SEVENTH GENERATION


64. JAMES EWING(6) was born in 1720 in LONDONDERRY, IRELAND. (6)(3) (8) He died in 1800 in VIRGINA.
BARBARA LOUISE EWING POWELL graciously shared the following historical sketch.

EXCERPTS FROM-- BOOKLET--THE EWINGS ONE AMERICAN FAMILY---WALLACE K EWING, GRAND HAVEN, MICHIGAN--JANUARY 1998.



JAMES THE PATRIARCH


Very little is known of the earliest Ewings, although it is clear that James Ewing emigrated to America from northern Ireland in about 1740, probably at the age of 18 or 20. Possibly he was born in northern Ireland, or he may have grown up in Scotland and later moved to Ireland, and then to his home in the new world. In Scotland the family name was MacEwen, a clan that lived north of the Fitth of Clyde and about 35 miles west of Glasgow. However, as early as 1513 the MacEwen lands were ceded by royal edict to the Campbell Clan, and the MacEwens dispersed to other areas. Any comments about James Ewing's origin would be pure speculation.

Even his port of arrival in America cannot be ascertained, nor do we know whom he married. There is concrete evidence that in April, 1746 James had a survey done of 245 acres of land where the Muddy Run Creek flows into the Jackson River near Warm Springs, Bath County, Virginia. It is probable, though not definite, that all of James Ewing's children were born on this site.

Family legend says that James remarked, upon seeing American corn for the first time, "'Tis a fine straight stalk, but cruel light grain." Although James was a hunter and trapper, he also undoubtedly raised corn and other crops and had livestock.

Apparently James married after he arrived in America. The couple's first-born child was Jeanet Ann, called Jennie or Ann, in 1740 or 1741, followed in 1745 by another daughter, Susan Jean [or Susan Jane], then John on December 27, 1747, a third
daughter sometime after that, and finally a second son, William, born on December 24, 1756. There are hints of a fourth daughter, but nothing conclusive has been found to verify her existence.

On occasion James's hunting expeditions took him west into the Allegheny Mountains, and he liked what he saw there. About 1760 James sold his land on the Jackson River, now grown to 254 acres, and moved his family deep into the mountainous area around Marlinton, Pocahontas County, in present-day West Virginia. The family settled on land bordered by Ewing's Creek, later renamed Knapp's Creek, which flowed into the larger Greenbrier River. West Virginia separated from Virginia in 1863, when a majority of the residents living there sided with the North and voted to form their own state.

It was at this site that James had an adventure which has survived the years. One day two men stopped at the Ewing cabin and asked for something to eat. James's wife was happy to oblige, hospitality being part of the frontier spirit. James had left earlier in the day for some apparently routine business, leaving behind his wife and his prized flintlock. While the visitors were eating one of them spotted the flintlock and decided he would like to
have it for his own-without payment. Mrs Ewing protested, but there was little she could do
to stop men who were not above taking advantage of her friendliness and openness.

When James returned later that day and learned of the theft, he concluded quickly that the two men probably were part of the notorious "Shockley Gang," which had been rustling cattle, thieving, and generally terrorizing the mountainside. James loaded his shotgun with buckshot and used his hunting experience and familiarity with the mountain trails to follow and find the thieves. Toward evening he overtook them as they were preparing camp for the night, convinced they were safe from pursuit. Quietly James re-primed his shotgun, to ensure a clean shot, and stepping up to the campsite he demanded his flintlock.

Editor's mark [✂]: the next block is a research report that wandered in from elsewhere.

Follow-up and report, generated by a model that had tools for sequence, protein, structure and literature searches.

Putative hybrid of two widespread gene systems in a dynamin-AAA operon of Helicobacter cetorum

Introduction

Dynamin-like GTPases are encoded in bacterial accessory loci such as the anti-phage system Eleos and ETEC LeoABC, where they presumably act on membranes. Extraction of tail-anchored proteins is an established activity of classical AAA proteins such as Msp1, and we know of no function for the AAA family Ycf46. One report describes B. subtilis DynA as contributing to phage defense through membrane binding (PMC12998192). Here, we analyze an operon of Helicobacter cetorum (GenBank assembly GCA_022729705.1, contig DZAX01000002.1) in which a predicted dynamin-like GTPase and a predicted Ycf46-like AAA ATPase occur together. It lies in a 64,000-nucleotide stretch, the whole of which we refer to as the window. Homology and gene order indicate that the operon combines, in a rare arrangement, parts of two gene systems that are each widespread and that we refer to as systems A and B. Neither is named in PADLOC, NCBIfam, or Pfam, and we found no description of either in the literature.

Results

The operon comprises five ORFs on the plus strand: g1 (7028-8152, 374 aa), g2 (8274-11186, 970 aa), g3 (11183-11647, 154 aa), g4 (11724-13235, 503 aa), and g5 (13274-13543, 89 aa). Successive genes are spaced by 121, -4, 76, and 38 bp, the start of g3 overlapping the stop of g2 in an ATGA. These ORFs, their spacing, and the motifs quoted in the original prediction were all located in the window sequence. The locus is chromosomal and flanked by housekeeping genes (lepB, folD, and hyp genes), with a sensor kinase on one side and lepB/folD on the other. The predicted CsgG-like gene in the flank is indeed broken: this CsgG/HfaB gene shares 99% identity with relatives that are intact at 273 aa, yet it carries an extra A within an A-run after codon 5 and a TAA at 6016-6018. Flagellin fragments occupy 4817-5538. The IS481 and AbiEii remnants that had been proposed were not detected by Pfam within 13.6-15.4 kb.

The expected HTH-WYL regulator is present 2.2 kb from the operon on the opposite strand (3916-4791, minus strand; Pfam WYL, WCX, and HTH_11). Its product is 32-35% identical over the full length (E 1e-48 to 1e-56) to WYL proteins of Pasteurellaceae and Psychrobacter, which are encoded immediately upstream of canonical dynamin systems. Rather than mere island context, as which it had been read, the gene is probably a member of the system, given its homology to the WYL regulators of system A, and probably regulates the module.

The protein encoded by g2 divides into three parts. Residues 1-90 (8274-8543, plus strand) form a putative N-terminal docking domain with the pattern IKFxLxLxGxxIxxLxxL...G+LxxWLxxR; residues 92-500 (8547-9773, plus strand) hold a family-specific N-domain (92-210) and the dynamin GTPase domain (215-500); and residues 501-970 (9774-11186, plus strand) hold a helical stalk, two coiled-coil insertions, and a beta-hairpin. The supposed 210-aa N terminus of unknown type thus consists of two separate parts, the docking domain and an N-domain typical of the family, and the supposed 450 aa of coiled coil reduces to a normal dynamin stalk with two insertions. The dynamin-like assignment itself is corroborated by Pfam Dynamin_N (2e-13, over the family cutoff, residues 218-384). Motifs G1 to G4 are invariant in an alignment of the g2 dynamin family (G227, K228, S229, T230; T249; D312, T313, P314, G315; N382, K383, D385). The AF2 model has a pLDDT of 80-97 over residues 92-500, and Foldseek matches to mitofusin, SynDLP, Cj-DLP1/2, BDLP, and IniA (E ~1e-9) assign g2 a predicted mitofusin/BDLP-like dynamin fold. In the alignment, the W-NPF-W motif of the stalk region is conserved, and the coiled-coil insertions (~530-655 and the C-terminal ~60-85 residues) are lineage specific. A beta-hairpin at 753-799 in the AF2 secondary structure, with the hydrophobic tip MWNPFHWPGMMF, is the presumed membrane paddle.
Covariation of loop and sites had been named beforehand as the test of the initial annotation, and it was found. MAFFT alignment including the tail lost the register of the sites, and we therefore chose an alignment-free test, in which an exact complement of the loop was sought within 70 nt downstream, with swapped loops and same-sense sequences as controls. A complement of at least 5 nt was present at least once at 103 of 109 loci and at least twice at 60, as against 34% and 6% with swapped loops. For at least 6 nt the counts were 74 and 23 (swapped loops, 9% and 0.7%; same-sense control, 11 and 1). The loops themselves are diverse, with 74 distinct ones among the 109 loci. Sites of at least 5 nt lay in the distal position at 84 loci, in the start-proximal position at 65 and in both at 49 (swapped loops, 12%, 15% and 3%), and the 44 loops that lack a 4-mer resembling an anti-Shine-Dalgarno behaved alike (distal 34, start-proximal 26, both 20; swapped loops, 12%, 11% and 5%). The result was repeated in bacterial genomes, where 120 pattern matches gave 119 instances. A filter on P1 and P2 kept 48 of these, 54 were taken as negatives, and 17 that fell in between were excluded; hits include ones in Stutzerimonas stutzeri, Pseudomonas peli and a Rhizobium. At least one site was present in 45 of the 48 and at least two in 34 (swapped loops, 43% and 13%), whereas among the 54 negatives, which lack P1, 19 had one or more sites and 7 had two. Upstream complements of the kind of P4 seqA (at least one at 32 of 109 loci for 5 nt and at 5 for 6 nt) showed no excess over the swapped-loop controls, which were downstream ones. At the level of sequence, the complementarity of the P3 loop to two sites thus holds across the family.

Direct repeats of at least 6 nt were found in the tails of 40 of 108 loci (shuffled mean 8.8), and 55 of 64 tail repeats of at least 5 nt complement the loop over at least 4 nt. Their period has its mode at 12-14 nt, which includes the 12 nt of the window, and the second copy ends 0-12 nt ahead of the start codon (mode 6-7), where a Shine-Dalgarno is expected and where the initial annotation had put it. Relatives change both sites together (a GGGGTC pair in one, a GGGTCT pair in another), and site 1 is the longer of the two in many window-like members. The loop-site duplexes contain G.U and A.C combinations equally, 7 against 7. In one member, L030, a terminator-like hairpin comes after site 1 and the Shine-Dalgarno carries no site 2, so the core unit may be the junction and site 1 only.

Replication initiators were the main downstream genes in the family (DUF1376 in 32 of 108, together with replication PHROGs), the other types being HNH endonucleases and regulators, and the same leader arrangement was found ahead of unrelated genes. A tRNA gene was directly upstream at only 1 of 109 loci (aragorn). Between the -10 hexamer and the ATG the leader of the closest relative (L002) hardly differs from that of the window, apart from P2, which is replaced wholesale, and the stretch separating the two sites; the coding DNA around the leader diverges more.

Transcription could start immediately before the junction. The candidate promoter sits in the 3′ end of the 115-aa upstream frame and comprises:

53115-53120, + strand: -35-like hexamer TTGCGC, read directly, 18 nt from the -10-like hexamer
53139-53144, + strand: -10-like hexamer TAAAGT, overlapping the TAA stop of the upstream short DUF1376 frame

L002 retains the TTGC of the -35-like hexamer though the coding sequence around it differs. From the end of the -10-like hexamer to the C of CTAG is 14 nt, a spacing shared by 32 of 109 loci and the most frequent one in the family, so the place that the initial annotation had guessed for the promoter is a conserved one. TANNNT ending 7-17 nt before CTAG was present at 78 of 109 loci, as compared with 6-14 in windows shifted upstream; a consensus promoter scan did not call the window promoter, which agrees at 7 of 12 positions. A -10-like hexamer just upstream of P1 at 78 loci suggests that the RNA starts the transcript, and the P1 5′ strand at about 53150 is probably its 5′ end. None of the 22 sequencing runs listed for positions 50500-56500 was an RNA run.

Shockley responded by raising the stolen gun to his shoulder and aiming it at James, who just as quickly brought his shotgun to firing position. James's gun discharged, but Shockley's weapon misfired and he fell dead with a charge of buckshot in his chest. The two men were so close to each other that Shockley's neck cloth was burned by the powder from the shot that killed him.

James's appearance and the gun fight happened so quickly that the second thief did not have time to get to a gun, but instead he jumped on James, who found himself in a hand-to-hand battle of survival. James ended the fight by using his hunting knife to cause a fatal wound to the man's neck. He gathered his two firearms, called it a day, and returned to his cabin.

There are conflicting stories about whether or not James collected the reward of several hundred dollars that had been on Shockley's head. One version says he did, the other says he declared it was reward enough to retrieve his gun and get rid of the two "pesky varmints."

From 1770 to 1791 there is no record of James's life. In 1791 he received a grant of 1,000 acres of land, possibly as a reward for military service. If so, a record of his service has not been uncovered. In any event, some years later James sold the acreage for $400 to James Searight of Augusta County. Unfortunately James had to sue to get his money, and by 1799 he had two other law suits pending. The cause of each is unknown, but both were dismissed by the court, although the same litigants were named two years later as having accounts outstanding against the estate of James Ewing, in addition to similar claims against Mr Searight and a John Duffield.

James did not leave a will, but since his estate was inventoried on July 14, 1801, it's reasonable to say he died at least a few months before that date The complete inventory consisted of:

One bay horse
One saddle
One shot gun and bag
Drawing knife
Hand saw
Fur hat
Ax
Buttons
Great coat
Two shirts
One pair overalls
Cloth coat and jacket
One pair blankets
One pack handkerchiefs

Total value: 26.29 pounds

No record has been found regarding the death of James's wife. She remains a mystery.

* NOTE Although Margaret Sargent was once thought to be the wife of James Ewing it was never proven to be fact by anyone in the family. Further it was later withdrawn by the person who had it so published. To date we do NOT know who James married. We also have no bases in fact that James was ever a Capt. in the Revolutionary war. This was also an error made by early Ewing historians. There was a James Ewing married to a Margaret Sargent but it appears that he is NOT "our" James.
Children were:

child32 i. "SWAGO BILL" WILLIAM EWING.
child ii. "INDIAN JOHN" JOHN EWING was born on DEC 24 1747 in Orange County, Virginia. He died on DEC 23 1824 in GALLIA COUNTY, OHIO. He was also known as Indian John.(8)
John was a captive of Indians as a teenager was later released along with his niece at Fort Pit and was called "Indian John" thereafter.

BARBARA LOUISE EWING POWELL graciously shared the following historical sketch.
EXCERPTS FROM--BOOKLET--THE EWINGS ONE AMERICAN FAMILY---WALLACE K EWING, GRAND HAVEN, MICHIGAN--JANUARY 1998.